Spawning Modern Fish
Transnational Comparison in the Making of Japanese Salmon
- PUBLISHED: August 2022
- SUBJECT LISTING: Anthropology, Environmental Studies, Asian Studies / Japan
- BIBLIOGRAPHIC INFORMATION: 272 Pages, 6 x 9 in, 9 b&w illus., 2 maps
- SERIES: Culture, Place, and Nature
- ISBN: 9780295750392
Since the mid-nineteenth century, agricultural development and fisheries management in northern Japan have been profoundly shaped by how people within and beyond Japan have compared Hokkaido's landscapes to those of other places, as part of efforts to make the new Japanese nation-state more legibly "modern." In doing so, they engaged in heterodox modes of analogic thinking that reached out to diverse places, including the American West and southern Chile. Today, the comparisons made by Hokkaido fishing industry professionals, scientists, and Ainu indigenous groups between the island's forests, fields, and waters and those of others around the world continue to dramatically affect the region's approaches to environmental management and its physical landscapes. In this far-ranging ethnography, Heather Swanson shows how this traffic shapes the course of Hokkaido's development, its fish, and the lives of people on and beyond the island. Resulting encounters restructure not only trade dynamics and political economy but also multispecies relations in watersheds around the globe.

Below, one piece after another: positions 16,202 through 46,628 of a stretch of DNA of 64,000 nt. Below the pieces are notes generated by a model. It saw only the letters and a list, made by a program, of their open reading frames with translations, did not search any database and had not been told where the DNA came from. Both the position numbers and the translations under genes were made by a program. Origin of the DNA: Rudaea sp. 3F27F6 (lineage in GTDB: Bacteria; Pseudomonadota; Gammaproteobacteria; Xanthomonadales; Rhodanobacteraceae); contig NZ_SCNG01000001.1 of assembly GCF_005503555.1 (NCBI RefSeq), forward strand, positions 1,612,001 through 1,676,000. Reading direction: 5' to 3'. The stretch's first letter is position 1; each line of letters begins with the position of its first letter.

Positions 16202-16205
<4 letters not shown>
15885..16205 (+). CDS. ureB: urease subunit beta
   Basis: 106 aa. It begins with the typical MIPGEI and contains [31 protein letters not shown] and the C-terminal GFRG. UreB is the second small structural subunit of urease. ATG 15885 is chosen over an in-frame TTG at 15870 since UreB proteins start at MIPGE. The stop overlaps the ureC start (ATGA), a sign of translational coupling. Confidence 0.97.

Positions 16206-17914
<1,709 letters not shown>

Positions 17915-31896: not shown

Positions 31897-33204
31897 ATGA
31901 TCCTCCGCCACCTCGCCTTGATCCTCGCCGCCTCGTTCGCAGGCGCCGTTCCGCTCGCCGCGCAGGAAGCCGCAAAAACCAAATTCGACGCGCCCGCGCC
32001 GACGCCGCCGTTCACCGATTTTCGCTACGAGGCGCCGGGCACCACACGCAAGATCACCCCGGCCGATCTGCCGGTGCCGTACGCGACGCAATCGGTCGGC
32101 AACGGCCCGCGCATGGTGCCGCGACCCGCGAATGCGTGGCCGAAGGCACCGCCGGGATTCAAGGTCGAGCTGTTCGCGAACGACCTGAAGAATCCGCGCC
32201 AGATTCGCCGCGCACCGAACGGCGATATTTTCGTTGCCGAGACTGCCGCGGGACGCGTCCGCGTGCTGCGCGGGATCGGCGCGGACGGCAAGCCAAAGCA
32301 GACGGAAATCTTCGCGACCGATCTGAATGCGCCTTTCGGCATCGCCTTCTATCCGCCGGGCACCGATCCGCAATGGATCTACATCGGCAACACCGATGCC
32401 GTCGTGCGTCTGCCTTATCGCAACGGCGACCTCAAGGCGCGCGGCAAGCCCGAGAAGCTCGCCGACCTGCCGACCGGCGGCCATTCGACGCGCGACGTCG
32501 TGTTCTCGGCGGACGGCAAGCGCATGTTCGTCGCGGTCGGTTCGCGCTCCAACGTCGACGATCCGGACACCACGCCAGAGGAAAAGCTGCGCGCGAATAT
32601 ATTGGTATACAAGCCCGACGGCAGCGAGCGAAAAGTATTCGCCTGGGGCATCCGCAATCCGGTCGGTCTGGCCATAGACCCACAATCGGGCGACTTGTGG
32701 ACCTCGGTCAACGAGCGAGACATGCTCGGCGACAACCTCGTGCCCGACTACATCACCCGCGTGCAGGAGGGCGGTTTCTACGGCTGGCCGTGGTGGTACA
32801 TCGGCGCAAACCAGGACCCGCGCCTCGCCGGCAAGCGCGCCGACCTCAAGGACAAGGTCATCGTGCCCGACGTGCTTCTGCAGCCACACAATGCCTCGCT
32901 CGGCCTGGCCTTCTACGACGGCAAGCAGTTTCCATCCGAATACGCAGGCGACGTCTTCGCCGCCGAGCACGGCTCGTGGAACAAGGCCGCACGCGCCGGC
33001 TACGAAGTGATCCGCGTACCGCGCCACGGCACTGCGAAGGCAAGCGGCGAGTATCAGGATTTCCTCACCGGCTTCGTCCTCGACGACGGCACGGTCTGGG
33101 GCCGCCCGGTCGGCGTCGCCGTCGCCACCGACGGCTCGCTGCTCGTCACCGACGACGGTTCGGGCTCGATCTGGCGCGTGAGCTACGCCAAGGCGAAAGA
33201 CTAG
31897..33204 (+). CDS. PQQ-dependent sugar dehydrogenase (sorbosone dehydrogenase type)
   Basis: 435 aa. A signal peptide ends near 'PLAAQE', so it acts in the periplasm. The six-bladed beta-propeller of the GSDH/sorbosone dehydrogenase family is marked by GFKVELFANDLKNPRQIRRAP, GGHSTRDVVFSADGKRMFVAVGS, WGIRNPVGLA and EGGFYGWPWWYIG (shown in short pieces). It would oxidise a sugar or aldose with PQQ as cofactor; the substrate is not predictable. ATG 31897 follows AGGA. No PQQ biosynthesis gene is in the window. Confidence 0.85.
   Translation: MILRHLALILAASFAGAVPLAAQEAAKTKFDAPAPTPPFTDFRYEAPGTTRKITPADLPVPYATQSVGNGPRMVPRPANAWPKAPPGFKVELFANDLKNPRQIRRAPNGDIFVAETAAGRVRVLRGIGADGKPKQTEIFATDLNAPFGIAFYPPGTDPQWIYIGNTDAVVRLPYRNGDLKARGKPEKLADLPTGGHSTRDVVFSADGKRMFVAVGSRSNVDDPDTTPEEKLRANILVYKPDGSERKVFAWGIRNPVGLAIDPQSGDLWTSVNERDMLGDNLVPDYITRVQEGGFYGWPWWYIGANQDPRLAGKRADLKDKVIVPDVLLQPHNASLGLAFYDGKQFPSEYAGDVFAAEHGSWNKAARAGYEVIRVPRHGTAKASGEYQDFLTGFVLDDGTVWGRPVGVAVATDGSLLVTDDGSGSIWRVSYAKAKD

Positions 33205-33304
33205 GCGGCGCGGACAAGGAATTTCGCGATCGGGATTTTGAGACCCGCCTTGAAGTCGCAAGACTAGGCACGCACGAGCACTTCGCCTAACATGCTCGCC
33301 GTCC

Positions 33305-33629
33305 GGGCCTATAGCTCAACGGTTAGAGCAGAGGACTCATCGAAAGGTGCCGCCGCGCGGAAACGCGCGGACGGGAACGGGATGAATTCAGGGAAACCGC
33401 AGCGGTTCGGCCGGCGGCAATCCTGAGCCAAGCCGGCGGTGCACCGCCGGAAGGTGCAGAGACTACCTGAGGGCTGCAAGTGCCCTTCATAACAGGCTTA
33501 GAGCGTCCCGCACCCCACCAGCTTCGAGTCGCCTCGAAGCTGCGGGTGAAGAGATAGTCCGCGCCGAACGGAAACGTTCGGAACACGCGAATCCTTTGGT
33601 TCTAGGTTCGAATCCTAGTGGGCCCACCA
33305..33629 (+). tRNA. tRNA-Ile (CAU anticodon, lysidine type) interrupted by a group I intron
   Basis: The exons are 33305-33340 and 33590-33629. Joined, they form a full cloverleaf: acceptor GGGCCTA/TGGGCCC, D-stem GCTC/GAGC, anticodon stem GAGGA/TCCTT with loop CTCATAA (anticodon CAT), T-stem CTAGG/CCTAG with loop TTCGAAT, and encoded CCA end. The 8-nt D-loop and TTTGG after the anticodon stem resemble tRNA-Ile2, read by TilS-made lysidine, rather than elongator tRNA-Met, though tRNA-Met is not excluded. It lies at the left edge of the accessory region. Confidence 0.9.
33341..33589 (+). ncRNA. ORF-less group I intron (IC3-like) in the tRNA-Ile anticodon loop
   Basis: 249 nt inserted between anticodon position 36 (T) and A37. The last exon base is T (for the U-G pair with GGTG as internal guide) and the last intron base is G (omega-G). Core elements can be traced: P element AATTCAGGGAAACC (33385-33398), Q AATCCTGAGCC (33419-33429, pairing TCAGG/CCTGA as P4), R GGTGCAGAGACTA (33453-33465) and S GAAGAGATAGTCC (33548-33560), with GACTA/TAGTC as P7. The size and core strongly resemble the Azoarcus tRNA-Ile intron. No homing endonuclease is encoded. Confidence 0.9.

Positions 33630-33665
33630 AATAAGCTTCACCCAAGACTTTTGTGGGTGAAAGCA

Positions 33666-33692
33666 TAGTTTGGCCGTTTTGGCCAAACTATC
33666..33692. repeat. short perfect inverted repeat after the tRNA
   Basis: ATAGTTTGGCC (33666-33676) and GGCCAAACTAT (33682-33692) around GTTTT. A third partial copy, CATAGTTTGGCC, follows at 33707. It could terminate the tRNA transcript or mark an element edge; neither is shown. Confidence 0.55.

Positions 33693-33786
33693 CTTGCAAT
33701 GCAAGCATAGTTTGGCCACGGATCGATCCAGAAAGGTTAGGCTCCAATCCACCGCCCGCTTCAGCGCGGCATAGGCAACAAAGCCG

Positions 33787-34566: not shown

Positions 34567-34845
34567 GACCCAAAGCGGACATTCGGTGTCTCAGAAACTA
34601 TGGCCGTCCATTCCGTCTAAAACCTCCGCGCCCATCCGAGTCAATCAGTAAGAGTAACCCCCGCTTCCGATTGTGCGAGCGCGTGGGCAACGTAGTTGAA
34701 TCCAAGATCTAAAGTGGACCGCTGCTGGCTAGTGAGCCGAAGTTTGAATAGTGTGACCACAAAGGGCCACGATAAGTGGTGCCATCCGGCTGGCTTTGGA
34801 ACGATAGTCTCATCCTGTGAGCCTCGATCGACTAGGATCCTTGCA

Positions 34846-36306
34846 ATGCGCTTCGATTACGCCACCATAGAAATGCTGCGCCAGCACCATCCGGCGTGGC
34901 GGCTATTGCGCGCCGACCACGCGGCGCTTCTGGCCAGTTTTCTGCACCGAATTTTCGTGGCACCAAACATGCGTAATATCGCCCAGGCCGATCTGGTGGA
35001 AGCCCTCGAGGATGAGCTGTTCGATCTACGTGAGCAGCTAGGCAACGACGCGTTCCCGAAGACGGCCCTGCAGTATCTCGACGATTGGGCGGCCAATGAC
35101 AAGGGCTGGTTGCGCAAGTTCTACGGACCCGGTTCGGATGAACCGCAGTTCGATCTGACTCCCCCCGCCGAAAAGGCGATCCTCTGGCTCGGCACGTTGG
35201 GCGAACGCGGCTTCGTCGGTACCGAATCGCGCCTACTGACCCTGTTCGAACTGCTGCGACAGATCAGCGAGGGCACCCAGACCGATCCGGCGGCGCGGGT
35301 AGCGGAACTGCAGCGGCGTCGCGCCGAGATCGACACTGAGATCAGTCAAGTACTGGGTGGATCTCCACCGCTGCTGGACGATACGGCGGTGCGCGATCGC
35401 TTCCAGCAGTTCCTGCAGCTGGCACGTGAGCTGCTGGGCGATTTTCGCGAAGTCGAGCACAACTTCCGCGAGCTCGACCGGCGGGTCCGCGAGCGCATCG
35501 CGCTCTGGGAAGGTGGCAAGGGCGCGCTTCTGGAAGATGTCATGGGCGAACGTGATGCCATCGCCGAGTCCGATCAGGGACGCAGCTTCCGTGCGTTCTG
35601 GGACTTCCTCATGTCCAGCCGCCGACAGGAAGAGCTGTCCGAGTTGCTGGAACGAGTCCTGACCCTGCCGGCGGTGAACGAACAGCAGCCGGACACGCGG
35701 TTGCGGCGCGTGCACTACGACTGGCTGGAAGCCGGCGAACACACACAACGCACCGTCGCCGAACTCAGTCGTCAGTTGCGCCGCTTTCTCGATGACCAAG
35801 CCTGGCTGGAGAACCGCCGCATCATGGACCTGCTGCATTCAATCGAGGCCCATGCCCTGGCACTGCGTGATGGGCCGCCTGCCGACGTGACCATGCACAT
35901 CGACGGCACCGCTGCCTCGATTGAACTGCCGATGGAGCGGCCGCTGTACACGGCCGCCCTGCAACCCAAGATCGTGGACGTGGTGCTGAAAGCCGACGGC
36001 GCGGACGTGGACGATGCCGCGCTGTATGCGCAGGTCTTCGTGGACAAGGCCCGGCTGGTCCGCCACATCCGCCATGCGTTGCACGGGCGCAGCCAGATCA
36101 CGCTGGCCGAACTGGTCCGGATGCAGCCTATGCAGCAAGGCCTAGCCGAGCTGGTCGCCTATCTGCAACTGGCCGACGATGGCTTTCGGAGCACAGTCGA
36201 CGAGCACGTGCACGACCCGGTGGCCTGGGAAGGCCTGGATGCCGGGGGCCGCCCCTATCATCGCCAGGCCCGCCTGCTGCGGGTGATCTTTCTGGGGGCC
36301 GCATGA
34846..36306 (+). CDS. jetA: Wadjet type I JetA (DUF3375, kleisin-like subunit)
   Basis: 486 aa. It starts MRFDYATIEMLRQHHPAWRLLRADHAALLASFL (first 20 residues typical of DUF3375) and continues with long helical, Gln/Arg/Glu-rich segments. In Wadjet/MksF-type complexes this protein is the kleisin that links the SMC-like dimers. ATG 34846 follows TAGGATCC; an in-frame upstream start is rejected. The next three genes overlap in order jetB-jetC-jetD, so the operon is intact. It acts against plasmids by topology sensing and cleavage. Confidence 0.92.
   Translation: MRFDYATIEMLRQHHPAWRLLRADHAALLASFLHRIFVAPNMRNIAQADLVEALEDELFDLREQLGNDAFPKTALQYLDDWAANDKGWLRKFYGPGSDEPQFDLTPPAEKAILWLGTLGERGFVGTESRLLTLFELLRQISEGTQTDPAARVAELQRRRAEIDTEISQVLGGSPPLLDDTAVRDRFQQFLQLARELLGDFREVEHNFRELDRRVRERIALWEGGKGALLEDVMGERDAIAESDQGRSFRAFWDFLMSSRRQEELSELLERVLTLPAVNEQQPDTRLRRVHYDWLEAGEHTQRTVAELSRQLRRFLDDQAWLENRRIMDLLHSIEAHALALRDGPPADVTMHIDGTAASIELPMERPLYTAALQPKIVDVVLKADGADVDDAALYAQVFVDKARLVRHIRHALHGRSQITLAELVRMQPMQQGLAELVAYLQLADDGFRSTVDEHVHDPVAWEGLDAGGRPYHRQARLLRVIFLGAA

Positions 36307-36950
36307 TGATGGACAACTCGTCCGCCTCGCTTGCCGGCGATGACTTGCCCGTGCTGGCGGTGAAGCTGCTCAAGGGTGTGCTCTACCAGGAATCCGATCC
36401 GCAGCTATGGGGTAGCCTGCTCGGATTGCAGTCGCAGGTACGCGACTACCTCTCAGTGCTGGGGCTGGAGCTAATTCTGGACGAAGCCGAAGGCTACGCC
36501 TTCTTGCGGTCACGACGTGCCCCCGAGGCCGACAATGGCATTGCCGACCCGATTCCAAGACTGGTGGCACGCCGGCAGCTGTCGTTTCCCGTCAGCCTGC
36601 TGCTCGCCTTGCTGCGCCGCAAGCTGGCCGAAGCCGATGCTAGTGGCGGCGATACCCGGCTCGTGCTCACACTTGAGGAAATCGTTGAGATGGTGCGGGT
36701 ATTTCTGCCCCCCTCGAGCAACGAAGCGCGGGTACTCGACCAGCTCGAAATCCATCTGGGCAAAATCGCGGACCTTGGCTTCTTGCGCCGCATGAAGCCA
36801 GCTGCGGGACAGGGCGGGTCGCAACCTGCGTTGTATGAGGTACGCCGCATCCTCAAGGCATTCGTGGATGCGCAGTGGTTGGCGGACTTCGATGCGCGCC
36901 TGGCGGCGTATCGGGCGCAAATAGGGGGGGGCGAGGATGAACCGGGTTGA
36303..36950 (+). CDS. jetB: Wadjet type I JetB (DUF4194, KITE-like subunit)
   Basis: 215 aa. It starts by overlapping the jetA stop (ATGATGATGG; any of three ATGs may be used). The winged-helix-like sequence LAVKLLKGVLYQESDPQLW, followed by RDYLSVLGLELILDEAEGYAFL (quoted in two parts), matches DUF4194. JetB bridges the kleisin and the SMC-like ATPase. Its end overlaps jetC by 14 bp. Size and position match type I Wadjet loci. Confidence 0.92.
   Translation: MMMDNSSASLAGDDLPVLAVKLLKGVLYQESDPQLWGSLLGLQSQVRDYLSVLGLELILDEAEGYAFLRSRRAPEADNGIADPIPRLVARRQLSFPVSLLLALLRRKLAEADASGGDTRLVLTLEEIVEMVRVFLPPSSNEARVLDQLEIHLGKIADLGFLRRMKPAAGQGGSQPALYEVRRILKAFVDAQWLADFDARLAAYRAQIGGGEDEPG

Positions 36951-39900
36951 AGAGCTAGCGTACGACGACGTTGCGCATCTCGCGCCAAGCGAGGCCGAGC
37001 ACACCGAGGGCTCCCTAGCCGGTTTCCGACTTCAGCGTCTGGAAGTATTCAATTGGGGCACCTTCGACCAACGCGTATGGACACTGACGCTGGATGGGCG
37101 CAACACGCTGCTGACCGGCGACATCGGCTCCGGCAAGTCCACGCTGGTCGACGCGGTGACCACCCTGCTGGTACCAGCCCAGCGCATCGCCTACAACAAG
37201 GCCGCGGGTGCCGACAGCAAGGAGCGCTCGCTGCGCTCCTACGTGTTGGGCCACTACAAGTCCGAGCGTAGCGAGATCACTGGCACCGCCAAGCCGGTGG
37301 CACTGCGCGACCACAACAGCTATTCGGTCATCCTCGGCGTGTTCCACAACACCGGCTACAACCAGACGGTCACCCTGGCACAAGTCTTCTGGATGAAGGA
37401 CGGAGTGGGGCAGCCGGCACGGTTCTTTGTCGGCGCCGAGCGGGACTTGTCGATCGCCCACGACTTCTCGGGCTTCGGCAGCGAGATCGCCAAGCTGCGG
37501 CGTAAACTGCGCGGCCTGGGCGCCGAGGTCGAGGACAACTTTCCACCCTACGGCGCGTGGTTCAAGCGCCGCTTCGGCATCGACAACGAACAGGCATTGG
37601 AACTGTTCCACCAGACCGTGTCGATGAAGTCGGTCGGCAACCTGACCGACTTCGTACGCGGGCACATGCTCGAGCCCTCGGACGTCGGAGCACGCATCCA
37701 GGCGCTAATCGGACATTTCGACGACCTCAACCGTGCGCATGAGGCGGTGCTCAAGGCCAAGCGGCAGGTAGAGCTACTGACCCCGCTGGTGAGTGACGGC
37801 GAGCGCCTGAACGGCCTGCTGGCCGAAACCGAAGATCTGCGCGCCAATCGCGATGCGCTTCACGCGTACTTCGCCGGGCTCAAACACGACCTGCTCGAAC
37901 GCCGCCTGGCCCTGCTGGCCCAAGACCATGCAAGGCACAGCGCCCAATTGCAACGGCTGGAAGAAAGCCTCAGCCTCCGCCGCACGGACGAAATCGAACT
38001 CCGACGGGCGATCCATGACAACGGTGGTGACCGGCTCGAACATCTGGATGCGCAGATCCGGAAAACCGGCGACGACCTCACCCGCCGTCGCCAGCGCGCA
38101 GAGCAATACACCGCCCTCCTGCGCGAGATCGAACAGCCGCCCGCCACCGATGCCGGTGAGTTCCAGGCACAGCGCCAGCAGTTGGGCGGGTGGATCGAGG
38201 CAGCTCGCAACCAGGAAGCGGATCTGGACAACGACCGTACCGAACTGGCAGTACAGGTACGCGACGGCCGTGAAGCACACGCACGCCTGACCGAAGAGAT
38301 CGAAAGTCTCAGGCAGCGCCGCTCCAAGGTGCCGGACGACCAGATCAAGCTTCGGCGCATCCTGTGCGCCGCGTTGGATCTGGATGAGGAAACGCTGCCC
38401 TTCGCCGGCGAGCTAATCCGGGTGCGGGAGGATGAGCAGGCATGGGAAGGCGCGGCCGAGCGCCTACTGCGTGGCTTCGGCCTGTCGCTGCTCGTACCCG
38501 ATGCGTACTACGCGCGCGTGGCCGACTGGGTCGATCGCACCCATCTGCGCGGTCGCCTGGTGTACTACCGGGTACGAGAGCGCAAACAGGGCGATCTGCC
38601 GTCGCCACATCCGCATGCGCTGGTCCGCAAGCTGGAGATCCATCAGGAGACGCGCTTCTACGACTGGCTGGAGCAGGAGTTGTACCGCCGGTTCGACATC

Authors & Contributors
Heather Swanson is associate professor of anthropology at Aarhus University, Denmark, and director of the Aarhus University Centre for the Environmental Humanities. She is the coeditor of Domestication Gone Wild: Politics and Practices of Multispecies Relations and Arts of Living on a Damaged Planet.
Spans long-standing disciplinary interests in nations and nation-making with emerging concerns in multispecies entanglements. Swanson animates these themes with the stories of historical and contemporary individuals.- C. Anne Claus, author of Drawing the Sea Near: Satoumi and Coral Reef Conservation in Okinawa
Simply put, it is the best book using the theory and methods of multispecies ethnography that I have read in years.- Eben Kirksey, author of Emergent Ecologies
Swanson suggests that comparison is a powerful world-making practice—molding identities, politics, national imaginaries, and structures of discourse. A marvelous book.- Michael Hathaway, author of Environmental Winds: Making the Global in Southwest China
This thoughtful and fascinating book draws us into the co-shaping relationships between salmon, people, and landscapes in Japan. At its heart it is a probing exploration of what it means to ‘compare well’, and a forceful argument that learning to do so is a vital part of crafting flourishing futures in Japan and beyond.- Thom van Dooren, author of A World in a Shell: Snail Stories for a Time of Extinctions